Wednesday, 14 July 2010

Radegast and the A.L.I.C.E. bot

I wrote about the Radegast text chat client for Second Life and Opensim way back at the start of the year and it was pusblished on the Chaper & Metaverse Blog but now I am re-pubishing it here so I can pick up on recent developments I has a small hand in.




Radegast is a light weight text client that can connect to Second Life and Opensim grids. I have tried out a number of these clients but this one grabbed my attention because it is rock solid stable, packed with features quite apart from chat handling, and something extra which has proved to be a very useful tool. It has a plugin for the A.L.I.C.E. bot.

I was able to turn an avatar into an AI bot very easily which I thought might be useful on my Second Life sim as a greeter. More especially I wanted to program my bot to help and inform new arrivals. To this end I have to find the AIML files in the Radegast directory on my hard drive and edit them with what I want my bot to say. AIML script is actually a derivative of XML and is not hard to learn. Basically, I need to edit the definitions in the file's paterns (what the user might say) and templates (how the bot might respond). For example:

{category}
{pattern}TELL ME ABOUT YOURSELF{/pattern}
{template}{/template}
{/category}

I have read elsewhere that people have actually used the bot for other purposes and scripted LSL attachments to control the avatar which will be my next task. I would say the bot could do a lot more and certainly I would use it in my Opensim grid when I eventually set one up (maybe). In practice I found the bot can only respond to a visitor if they use the bot's name but if they IM the bot then it will engage in conversation without the name.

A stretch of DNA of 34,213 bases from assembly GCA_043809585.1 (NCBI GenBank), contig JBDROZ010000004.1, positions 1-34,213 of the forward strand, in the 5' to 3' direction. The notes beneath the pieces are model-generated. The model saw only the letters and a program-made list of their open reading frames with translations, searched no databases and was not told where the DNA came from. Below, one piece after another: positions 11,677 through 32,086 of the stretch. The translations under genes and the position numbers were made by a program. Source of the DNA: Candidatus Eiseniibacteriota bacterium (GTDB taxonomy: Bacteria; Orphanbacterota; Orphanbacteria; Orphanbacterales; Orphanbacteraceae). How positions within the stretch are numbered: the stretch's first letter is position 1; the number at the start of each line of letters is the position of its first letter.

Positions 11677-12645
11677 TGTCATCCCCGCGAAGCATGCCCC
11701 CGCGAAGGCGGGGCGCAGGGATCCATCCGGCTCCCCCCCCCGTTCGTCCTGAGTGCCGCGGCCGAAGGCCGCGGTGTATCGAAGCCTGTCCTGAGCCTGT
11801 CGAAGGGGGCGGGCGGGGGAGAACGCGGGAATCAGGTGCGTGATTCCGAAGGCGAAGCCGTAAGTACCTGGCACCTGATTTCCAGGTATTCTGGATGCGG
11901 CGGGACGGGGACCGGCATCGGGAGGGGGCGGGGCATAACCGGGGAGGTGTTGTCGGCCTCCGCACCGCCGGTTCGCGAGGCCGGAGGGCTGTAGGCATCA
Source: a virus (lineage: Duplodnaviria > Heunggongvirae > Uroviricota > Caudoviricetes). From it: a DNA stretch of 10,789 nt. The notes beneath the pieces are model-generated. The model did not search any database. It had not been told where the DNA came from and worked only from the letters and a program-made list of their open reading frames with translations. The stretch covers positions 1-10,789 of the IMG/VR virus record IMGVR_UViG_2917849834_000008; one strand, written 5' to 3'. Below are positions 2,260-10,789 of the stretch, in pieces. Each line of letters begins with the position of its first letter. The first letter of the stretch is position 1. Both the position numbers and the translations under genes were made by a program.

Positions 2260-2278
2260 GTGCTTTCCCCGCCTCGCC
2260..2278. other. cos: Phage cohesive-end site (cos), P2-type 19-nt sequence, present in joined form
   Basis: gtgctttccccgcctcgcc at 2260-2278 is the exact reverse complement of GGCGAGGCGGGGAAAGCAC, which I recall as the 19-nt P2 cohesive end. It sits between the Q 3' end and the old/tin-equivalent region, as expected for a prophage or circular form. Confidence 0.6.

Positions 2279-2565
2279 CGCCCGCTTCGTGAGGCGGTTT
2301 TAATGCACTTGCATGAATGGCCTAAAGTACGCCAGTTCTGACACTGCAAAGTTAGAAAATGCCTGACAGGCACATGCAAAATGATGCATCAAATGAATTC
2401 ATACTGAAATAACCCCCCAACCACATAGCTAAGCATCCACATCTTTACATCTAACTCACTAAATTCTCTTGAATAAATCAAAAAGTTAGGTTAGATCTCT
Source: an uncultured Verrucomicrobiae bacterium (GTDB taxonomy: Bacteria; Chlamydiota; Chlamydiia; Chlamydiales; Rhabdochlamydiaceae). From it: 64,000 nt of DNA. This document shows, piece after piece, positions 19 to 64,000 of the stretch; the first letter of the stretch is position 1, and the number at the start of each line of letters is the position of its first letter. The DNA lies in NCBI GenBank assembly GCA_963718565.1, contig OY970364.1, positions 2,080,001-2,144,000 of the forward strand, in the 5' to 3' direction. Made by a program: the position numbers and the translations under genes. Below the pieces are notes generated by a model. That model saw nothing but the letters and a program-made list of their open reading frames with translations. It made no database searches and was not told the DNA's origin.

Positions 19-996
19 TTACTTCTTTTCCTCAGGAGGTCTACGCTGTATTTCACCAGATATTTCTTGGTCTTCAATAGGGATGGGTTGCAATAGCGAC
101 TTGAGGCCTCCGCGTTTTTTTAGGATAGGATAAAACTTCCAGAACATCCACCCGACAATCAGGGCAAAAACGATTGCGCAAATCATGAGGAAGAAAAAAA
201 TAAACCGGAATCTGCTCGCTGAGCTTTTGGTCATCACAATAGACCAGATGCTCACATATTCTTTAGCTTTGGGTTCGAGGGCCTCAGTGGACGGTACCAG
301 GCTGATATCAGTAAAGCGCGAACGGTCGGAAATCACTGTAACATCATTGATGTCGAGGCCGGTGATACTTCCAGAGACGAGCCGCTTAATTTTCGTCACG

Given that Radegast is a light weight with no view of the 3D world, it certainly has more features than any others of this type I have seen. Here is a list:

  • Chat (local, IM, group, friends conference and voice in version 1.12)
  • Inventory (allows manipulation, deletion of the items, moving them around, sending to other people by dropping item on their profile)
  • Ability to wear/take off clothes and attachments from the inventory
  • Backup of all scripts and notecards from the inventory
  • World map (very fast implementation using Google maps)
  • Object finder - list objects nearby, sort them by distance, name, see details
  • List of all avatars in a region (radar), and those within 300m in nearby regions
  • Movement controls via arrow keys
  • Support for activating gestures from the inventory
  • Avatar appearance - others using 3D client will see you appear correctly, and will not be able to tell that you're using a text client
  • Streaming music

The fact it has a plugins button opens it up to more tools and features. One I suggested on the forums could be an AIML editor so the bot definitions could be worked on directly in the client and tested but I don't expect that to happen anytime soon. I did actually speak to Grant, the creator of MakeAiml, via his forum and he said he was interested in making a plugin and will look into it. MakeAiml can be downloaded from http://makeaiml.aihub.org/tutorials.php.  Radegast can also run the Looking Glass viewer from the tools menu if you download it. The client actually provides the chat and all the other features while Looking Glass renders the 3D world using Orge (see review of Orge elsewhere in this blog). Looking Glass is in alpha state and personally I see no use for it. For me Radegast's strong point is the bot which really doesn't need a full view of the world but it is interesting and yet another example of open source creativity in the free Metaverse community.
Images of Looking Glass with Radegast